Paramount announced Wednesday that it is moving its upcoming superhero family film “Secret Headquarters” from a theatrical release to an exclusive streaming debut on Paramount+ this August.
Starring Owen Wilson and Walker Scobell (“The Adam Project”), and produced by Paramount and Jerry Bruckheimer Films, “Secret Headquarters” follows a boy who discovers his father’s secret identity as a superhero when he encounters secret crimefighting headquarters in the basement of his house. When villains charge in to destroy it, the boy and his friends must team up to save the world.
“We have seen tremendous success with our high-quality kids and family content, and are excited to add this special superhero movie to our growing slate of Paramount+ original films,” said Tanya Giles, chief programming officer, Paramount Streaming. “’Secret Headquarters’ is the perfect action-packed summer film for the whole family, making it a perfect fit for Paramount+ and our mountain of entertainment geared toward the whole household.”
Henry Joost and Ariel Schulman directed from a screenplay they co-wrote with Christopher Yost and Josh Koenigsberg. Jesse Williams, Keith L. Williams, Momona Tamada, Abby James Witherspoon and Michael Peña also star. The film is produced by Jerry Bruckheimer and Chad Oman, and executive-produced by Orlee-Rose Strauss and Scott Lumpkin.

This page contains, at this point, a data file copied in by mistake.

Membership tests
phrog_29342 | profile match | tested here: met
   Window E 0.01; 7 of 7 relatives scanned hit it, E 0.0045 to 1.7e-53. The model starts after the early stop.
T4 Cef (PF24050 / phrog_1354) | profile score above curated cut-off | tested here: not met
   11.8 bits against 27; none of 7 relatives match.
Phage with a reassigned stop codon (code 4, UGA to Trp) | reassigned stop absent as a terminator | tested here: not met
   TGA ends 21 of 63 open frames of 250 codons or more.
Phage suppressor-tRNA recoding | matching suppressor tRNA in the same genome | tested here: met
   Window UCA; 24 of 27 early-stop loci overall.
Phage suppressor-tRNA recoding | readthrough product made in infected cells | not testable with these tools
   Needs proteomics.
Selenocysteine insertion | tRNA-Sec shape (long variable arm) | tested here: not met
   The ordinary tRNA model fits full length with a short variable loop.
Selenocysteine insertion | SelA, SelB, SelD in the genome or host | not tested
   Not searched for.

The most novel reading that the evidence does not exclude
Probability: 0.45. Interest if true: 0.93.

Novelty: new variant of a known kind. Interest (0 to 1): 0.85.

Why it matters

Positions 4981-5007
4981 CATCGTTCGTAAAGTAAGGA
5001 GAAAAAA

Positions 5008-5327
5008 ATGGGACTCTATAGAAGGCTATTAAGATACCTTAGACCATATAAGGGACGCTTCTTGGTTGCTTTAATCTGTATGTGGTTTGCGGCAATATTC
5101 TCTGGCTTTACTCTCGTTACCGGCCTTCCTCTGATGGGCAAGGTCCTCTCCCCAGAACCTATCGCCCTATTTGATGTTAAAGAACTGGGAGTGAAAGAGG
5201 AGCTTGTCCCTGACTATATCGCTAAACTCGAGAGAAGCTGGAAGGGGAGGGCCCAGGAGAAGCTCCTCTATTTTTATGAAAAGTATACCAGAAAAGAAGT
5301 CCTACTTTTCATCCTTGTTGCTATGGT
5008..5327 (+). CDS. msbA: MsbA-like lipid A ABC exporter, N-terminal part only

The release strategy shift for “Secret Headquarters” comes after Paramount set a new Memorial Day weekend box office record with “Top Gun: Maverick,” which earned $160.5 million over four days. With $590 million grossed domestically from five films this year, Paramount’s box office total has already exceeded what it earned in all of 2019.
But the pull of “Secret Headquarters” means that the studio has only three films left on its 2022 theatrical slate: the animated film “Paws of Fury” in July, the Paramount Players horror film “Smile” in September and the limited Christmas Day release of Damien Chazelle’s “Babylon.” The studio will then head into a 2023 that will begin with “Babylon” expanding wide before releasing a slew of films from franchises like “Dungeons & Dragons,” “A Quiet Place,” “Transformers” and “Mission: Impossible.”